Terry Gilliam has a reverence for failure. In his movie The Fisher King, Jeff Bridges talks (ruefully) of Nietzsche’s “bungled and botched…expendable masses” who “get close to greatness, but never get there.” In a Gilliam movie, the hero is always either a fool or a madman, someone who sees much but blows his chances, aims high but is often speared by the world. As screen alter-egos go, these characters are candidly self-lacerating. Alexander Pope’s aphorism “To err is human…” is like a dare to Gilliam. He needs to conceive of movies that can’t work in order to prove that they can. The Imaginarium of Doctor Parnassus is a case in point.
Watching a new zombie movie recently, I was reminded of Bret Easton Ellis. Put a pair of Wayfarers on any reanimated corpse and they come to resemble one of Ellis’s creations; the blank indifference to life, the remorseless appetite. For over twenty years, Ellis has been hacking away at our world, again and again writing “tan” when he means “damned” and “tried to smile” when he knows one verb cancels the other out. There are no characters in Ellis’s books, there are only bodies. Much the way a zombie looks at the world and callously notes a holocaust, so the rich kids of Less Than Zero stare indifferently at the death of their souls.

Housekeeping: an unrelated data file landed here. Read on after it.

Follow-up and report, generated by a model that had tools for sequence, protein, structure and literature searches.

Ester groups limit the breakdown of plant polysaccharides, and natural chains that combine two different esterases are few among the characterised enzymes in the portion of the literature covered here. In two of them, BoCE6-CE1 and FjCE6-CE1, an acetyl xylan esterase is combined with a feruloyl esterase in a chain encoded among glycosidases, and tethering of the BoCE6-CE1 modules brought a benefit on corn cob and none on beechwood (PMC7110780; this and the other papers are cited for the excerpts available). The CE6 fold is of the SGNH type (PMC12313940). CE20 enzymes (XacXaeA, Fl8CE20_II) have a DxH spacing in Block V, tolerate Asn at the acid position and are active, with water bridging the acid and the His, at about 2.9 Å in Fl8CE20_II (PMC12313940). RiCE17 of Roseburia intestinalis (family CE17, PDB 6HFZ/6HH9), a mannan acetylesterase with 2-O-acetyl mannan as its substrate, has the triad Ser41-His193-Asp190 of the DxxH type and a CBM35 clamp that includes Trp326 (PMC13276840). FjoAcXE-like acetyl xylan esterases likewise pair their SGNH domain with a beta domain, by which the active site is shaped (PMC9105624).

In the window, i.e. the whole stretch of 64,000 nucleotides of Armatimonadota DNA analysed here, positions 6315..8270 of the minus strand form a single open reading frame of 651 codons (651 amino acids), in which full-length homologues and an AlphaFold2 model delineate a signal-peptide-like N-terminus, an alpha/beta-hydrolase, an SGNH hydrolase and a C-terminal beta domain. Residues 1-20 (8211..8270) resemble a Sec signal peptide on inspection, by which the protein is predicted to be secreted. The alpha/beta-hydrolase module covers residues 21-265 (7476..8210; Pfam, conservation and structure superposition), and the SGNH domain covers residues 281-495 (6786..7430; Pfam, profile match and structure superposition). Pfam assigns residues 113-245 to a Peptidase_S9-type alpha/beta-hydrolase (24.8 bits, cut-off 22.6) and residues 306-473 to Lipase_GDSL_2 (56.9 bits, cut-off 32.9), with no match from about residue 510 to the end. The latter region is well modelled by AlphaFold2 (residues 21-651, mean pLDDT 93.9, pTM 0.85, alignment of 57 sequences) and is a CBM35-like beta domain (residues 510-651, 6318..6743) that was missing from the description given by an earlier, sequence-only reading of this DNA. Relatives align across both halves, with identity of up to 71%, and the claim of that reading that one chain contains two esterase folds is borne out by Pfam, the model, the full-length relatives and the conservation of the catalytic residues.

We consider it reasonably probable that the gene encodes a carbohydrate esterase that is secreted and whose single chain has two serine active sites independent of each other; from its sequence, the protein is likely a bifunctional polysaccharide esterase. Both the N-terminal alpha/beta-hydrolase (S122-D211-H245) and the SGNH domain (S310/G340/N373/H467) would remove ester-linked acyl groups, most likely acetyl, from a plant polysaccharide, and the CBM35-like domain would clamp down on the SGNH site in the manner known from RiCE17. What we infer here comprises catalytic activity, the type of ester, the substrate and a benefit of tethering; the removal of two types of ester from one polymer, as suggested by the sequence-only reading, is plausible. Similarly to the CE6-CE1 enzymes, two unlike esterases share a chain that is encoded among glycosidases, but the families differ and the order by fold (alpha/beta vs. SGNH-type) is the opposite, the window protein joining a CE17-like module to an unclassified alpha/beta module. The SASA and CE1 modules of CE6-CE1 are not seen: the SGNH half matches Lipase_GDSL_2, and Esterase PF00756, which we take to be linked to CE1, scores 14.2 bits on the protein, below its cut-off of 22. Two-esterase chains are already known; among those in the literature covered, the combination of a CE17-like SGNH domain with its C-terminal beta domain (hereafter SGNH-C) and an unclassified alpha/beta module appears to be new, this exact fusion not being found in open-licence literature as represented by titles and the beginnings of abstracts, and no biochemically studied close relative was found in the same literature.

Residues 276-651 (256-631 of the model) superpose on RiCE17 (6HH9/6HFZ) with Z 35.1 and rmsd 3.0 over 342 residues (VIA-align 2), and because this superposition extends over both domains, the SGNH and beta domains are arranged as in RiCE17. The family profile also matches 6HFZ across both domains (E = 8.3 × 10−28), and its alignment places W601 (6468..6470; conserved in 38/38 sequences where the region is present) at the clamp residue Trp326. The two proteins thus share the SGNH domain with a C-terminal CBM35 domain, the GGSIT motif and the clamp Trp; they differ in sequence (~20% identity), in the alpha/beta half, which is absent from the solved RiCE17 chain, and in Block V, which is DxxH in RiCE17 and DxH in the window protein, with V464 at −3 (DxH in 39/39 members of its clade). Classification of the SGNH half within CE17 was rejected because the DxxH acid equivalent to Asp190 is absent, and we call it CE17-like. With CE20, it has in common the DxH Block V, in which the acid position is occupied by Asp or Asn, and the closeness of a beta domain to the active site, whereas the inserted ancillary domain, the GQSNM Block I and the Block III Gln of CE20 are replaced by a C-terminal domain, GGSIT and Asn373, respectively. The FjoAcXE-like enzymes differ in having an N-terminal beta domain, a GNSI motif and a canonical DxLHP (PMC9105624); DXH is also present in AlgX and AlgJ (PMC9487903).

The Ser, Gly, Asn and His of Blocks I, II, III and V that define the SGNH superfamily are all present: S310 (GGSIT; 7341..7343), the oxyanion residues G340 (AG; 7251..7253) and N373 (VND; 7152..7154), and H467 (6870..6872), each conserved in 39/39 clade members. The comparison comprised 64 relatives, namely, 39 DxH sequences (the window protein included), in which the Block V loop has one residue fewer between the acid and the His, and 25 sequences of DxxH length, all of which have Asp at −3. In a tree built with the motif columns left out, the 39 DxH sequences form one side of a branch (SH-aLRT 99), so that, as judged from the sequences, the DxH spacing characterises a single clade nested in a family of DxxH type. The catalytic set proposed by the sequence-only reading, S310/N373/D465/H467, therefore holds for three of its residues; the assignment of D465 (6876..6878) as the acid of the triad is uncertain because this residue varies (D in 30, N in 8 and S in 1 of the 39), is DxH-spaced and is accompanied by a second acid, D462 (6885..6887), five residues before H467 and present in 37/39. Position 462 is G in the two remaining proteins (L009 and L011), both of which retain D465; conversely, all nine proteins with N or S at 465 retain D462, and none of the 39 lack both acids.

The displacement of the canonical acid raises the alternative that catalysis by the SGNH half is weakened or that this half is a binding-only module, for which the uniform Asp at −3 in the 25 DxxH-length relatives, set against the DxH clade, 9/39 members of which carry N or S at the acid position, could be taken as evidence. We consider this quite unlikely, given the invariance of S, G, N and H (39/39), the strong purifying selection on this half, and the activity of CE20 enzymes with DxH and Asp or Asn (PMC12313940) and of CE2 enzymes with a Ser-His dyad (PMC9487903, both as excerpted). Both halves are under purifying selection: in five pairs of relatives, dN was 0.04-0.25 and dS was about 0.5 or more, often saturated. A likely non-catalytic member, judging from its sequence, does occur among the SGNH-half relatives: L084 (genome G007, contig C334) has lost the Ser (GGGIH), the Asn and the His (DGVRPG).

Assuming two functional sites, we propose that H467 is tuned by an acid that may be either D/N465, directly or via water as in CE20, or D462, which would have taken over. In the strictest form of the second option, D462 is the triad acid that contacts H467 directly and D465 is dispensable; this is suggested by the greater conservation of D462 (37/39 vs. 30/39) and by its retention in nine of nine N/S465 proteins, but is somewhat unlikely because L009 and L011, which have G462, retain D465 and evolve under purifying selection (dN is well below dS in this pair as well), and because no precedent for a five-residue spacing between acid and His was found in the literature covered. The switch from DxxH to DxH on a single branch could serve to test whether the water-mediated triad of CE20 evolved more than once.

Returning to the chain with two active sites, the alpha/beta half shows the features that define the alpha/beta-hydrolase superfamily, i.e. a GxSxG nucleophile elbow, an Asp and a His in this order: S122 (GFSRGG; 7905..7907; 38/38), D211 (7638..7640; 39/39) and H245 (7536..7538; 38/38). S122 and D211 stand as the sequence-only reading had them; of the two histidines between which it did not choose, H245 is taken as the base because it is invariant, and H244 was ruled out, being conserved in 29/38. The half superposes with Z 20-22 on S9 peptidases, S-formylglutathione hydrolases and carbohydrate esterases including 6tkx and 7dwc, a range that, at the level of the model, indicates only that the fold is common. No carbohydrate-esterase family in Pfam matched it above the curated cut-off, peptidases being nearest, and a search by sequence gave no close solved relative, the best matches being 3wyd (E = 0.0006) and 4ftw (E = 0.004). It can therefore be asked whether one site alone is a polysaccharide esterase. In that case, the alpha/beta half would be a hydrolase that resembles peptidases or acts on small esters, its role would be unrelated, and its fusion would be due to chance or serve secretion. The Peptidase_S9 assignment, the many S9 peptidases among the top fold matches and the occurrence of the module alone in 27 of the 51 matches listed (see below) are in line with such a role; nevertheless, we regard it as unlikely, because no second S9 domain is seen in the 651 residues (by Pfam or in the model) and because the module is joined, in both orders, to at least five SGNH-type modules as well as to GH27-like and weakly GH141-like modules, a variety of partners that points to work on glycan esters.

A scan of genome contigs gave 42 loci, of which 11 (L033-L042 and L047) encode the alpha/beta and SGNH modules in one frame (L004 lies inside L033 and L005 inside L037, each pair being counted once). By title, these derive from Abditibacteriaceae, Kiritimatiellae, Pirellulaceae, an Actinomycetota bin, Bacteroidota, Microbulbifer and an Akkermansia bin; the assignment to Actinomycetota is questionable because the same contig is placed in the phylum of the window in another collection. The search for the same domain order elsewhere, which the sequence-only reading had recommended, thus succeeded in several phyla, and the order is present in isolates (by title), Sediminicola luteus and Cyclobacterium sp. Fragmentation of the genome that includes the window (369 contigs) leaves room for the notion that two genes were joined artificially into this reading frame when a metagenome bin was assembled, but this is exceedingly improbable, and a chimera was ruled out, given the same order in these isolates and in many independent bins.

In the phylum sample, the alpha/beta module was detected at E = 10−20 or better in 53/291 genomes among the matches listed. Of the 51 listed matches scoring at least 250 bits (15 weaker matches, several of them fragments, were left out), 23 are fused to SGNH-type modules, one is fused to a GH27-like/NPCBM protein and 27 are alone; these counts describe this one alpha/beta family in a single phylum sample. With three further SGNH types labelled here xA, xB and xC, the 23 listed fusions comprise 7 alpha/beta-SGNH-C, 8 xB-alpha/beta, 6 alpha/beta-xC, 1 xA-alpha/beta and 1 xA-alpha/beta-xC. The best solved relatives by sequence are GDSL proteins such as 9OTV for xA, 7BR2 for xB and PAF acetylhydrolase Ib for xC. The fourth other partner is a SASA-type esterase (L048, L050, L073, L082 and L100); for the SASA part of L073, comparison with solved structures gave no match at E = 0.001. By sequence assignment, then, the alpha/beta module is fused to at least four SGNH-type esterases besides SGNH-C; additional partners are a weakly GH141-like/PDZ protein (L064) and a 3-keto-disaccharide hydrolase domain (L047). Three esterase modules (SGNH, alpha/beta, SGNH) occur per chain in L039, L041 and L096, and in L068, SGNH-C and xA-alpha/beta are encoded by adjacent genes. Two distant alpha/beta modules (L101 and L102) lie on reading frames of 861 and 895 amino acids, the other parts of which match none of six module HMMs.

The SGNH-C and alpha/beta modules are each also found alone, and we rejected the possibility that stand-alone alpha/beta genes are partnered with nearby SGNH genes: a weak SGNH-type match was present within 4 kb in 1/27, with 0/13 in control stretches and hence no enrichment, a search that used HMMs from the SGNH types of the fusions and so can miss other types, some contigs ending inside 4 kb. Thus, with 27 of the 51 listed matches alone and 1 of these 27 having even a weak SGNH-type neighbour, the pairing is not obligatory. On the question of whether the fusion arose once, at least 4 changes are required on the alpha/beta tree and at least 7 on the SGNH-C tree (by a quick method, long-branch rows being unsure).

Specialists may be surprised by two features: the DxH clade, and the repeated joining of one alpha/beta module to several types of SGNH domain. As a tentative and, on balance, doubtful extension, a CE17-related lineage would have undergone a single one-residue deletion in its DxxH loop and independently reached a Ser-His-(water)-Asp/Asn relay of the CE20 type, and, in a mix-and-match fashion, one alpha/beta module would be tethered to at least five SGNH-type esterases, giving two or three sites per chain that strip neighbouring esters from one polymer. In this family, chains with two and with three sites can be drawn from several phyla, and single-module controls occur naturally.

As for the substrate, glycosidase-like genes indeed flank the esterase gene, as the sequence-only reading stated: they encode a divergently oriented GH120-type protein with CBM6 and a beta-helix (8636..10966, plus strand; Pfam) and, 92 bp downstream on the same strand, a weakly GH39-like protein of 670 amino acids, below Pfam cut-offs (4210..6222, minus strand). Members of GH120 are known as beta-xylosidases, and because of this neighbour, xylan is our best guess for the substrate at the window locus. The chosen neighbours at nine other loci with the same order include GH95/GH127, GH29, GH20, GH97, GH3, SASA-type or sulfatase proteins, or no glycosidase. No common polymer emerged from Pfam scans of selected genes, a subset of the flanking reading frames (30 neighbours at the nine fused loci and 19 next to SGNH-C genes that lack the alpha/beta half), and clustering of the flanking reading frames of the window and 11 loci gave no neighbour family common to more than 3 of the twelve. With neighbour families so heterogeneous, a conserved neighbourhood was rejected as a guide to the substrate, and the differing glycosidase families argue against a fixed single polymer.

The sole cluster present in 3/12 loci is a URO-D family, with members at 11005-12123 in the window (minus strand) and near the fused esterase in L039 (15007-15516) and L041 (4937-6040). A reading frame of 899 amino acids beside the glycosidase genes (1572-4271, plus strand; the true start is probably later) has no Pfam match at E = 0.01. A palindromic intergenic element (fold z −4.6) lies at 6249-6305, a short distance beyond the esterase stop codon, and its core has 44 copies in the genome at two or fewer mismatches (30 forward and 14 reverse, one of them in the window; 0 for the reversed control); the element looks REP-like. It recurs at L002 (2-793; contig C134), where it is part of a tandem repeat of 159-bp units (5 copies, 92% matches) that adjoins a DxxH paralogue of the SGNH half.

Contrary to what Terry Gilliam movies teach us, going mad is no fun. The only thing real madness makes you aware of is how you should prize sanity. There are no life lessons to be learned, sadly, from slipping out of your head. Real madness is a hell with no dimensions: ungraspable and unkind. There’s something especially pitiless about a disease that corrupts thought. The new movie, The Soloist, tells the true story of a schizophrenic Julliard-trained musician named Nathaniel Ayers. He is, by turns: loquacious, gentle, intriguing and capable of snapping your neck. He is not changed by the movie’s end, and the movie is better for it.